So where is the UK getting its nurses? In a nutshell -- it's not.
    Holy cow! You were not joking, that is expensive. I figured I'd be okay because I am used to throwing my money away on clothes LOL. And 55% pass rates...how comforting. Appreciate the realism, seems you were not joking when you said the process may not be worth it anymore.

    Small world! I live in LA as well and since I have my own townhouse that I rent, are almost done paying off my loans, have money going into savings, and put a generous percentage of my check into my 401k plan. Knowing that this is one of the most expensive cities, I figured it shouldn't be that far off but clearly I am mistaken. If you can do none of these things while living in London then that would definitely concern me. Interesting how the standard of living for nurses are vastly different.

    I appreciate your honesty about the future of work in the UK as well. I'd only want to live/work there for about 6 months though. I am beginning to think that perhaps I need to live in London but not work as a nurse? lol. Perhaps I can start an online business and satisfy my medical needs that way? Or what about private duty? But I'm sure that that is a whole different ball park. Also, anyone know of the possibility of simply going to school in the UK. Perhaps NP school out there. Doesn't going to school make it much easier to get a visa to stay in the country?
  7. by   newrn93
    Quote from Silverdragon102
    Going through the NMC process these days are no longer cheap or quick. Suggest reading the Nurse Registration forum and reading the threads on OSCE and NMC
    I certainly will! Thanks for the reference
  8. by   newrn93
    Quote from kbrn2002
    While I can't speak to how difficult and/or expensive the UK or Africa might be I did look into Australia after my sister-in-law moved there a few years ago. That looks complicated and expensive there and it's said to be one of the easier nations for foreign nurses to gain entry. After the visa nightmares my sister-in-law is experiencing I am darn glad I didn't pursue it. She had to leave the country recently and come home to the US pending visa approval, some paperwork apparently wasn't filled out correctly and she now needs to appeal the whole process and can't stay in country while doing so. Keep in mind she is actually married to an Australian man and can't even stay with her husband until this is resolved and they are 3 years and several thousands of dollars into it already.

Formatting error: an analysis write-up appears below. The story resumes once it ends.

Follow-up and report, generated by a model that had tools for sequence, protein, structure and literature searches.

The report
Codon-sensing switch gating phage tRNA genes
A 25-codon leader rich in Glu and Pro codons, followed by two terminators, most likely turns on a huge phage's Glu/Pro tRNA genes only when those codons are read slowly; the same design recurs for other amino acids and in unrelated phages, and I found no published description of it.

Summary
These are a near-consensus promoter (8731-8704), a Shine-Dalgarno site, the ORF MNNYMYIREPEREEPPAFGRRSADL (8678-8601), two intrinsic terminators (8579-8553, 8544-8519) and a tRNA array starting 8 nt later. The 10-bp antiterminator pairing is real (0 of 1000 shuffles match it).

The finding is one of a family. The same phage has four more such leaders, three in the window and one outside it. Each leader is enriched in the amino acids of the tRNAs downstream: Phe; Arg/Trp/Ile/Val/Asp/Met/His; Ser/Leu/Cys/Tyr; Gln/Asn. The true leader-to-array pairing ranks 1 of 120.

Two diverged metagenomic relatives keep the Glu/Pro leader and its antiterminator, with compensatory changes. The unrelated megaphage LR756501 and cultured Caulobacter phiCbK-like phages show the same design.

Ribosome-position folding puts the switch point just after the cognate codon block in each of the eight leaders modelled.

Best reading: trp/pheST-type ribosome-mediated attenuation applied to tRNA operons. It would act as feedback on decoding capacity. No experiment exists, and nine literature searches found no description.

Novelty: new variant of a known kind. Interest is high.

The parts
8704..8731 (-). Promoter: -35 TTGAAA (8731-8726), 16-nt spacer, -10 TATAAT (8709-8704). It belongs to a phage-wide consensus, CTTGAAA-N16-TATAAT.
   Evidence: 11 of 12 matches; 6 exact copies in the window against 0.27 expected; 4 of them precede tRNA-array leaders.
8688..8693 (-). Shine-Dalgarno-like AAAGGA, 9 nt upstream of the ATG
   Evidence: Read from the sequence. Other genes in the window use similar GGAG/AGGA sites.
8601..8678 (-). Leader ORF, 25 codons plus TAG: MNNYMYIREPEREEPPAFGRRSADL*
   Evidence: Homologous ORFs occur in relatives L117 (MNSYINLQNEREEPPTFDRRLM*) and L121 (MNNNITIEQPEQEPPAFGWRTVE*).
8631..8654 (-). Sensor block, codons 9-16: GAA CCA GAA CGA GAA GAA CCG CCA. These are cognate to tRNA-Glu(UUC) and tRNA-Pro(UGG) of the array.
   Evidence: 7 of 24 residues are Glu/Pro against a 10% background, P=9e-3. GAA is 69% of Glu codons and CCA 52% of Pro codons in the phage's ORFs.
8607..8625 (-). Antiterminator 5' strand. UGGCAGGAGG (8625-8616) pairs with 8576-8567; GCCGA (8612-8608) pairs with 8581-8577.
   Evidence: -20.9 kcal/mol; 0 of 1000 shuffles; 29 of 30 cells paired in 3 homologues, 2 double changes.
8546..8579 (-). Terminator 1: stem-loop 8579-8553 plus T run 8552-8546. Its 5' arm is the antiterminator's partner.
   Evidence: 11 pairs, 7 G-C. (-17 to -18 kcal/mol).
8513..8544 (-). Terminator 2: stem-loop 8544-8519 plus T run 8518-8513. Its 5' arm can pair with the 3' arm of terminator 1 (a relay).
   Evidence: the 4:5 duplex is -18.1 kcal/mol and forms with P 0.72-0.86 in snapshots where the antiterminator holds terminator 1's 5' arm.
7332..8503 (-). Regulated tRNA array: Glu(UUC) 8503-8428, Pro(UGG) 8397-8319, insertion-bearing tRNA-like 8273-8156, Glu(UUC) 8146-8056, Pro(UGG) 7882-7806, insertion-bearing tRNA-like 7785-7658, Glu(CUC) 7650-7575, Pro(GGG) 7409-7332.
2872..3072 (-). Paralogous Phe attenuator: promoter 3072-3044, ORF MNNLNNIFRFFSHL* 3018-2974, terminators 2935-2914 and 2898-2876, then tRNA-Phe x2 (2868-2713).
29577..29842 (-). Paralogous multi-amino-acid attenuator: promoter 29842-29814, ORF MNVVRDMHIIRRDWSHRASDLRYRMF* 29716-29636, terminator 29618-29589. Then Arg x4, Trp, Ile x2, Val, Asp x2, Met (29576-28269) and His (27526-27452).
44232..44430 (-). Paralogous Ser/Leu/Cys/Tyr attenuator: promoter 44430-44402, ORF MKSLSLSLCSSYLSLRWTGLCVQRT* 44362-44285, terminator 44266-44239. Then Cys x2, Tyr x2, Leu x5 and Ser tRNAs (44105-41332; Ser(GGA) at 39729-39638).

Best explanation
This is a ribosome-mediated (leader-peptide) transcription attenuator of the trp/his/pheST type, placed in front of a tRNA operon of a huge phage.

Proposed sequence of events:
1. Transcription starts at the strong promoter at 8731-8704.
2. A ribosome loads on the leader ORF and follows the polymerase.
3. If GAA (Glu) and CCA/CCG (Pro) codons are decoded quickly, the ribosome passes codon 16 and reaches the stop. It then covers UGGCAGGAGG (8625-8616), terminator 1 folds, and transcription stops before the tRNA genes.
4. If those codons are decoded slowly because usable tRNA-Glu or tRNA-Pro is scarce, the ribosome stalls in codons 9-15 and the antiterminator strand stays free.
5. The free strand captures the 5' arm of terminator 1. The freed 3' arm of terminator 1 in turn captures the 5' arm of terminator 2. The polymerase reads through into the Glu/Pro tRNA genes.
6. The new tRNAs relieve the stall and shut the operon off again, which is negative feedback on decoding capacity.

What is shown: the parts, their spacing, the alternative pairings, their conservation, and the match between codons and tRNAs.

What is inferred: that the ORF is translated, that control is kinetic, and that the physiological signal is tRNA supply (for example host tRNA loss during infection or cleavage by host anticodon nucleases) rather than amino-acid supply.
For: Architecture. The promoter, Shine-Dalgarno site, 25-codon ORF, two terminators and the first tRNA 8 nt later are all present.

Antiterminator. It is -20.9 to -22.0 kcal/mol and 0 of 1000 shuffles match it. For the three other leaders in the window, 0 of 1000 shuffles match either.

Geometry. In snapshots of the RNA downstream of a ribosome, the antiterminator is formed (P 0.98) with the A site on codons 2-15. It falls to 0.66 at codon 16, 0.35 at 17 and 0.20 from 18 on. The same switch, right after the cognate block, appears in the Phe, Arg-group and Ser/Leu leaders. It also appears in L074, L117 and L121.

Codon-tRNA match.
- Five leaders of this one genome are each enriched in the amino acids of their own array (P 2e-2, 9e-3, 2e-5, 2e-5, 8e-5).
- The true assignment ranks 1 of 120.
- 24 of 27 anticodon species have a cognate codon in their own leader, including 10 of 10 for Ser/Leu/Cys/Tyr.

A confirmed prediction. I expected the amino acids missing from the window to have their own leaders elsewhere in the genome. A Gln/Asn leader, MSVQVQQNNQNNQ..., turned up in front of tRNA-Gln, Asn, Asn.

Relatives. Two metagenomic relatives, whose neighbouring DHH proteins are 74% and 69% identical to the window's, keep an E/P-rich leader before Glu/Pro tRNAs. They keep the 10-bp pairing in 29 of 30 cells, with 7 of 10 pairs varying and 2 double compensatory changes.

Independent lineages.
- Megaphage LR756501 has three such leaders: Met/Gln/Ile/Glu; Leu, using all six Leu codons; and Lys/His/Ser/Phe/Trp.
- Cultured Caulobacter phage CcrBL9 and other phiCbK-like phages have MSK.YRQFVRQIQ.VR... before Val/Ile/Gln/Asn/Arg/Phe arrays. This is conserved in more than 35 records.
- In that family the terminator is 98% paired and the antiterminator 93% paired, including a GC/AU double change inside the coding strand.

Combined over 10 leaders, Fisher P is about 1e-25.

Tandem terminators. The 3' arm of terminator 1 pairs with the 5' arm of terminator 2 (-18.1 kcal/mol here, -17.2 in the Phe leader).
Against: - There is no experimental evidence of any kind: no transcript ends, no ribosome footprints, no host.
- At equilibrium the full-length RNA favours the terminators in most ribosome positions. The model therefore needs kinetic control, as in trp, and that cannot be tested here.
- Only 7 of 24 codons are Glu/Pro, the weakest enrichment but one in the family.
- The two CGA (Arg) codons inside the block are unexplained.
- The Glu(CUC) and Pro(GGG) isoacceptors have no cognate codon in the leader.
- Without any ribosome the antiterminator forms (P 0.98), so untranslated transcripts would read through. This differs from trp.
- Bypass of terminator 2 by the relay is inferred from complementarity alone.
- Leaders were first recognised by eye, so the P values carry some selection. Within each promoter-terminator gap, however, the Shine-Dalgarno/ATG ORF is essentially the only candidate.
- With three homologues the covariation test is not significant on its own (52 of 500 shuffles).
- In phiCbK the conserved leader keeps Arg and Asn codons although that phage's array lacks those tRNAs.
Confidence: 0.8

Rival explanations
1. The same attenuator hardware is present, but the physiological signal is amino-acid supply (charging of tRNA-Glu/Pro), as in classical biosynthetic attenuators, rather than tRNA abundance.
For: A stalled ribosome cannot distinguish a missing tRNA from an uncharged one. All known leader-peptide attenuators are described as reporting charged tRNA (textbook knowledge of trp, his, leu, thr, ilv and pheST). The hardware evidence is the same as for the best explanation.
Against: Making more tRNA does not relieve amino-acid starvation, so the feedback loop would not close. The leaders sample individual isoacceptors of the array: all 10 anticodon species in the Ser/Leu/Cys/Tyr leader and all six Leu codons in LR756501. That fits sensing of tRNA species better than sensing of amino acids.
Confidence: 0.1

If nursing employment is anywhere near that complicated in a foreign nation I think I'll stick around my home country.
    What a nightmare! And she is married to an Australian? She doesn't automatically get citizenship? lol. Perhaps travel, without the intent of working as a nurse in said country is my best bet. Then again, I don't want to run around being an illegal immigrant haha.
  9. by   adventure_rn
    Quote from newrn93
    What a nightmare! And she is married to an Australian? She doesn't automatically get citizenship? lol. Perhaps travel, without the intent of working as a nurse in said country is my best bet. Then again, I don't want to run around being an illegal immigrant haha.
    I know a handful of people who travel nurse for 6 months out of the year, then travel internationally for 6 months out of the year. Not only do they make a fair amount of money travel nursing to pay for their adventures, but they also have the flexibility to travel for months at a time (which you wouldn't have with a full-time job). They travel on a shoestring budget, but they make it work.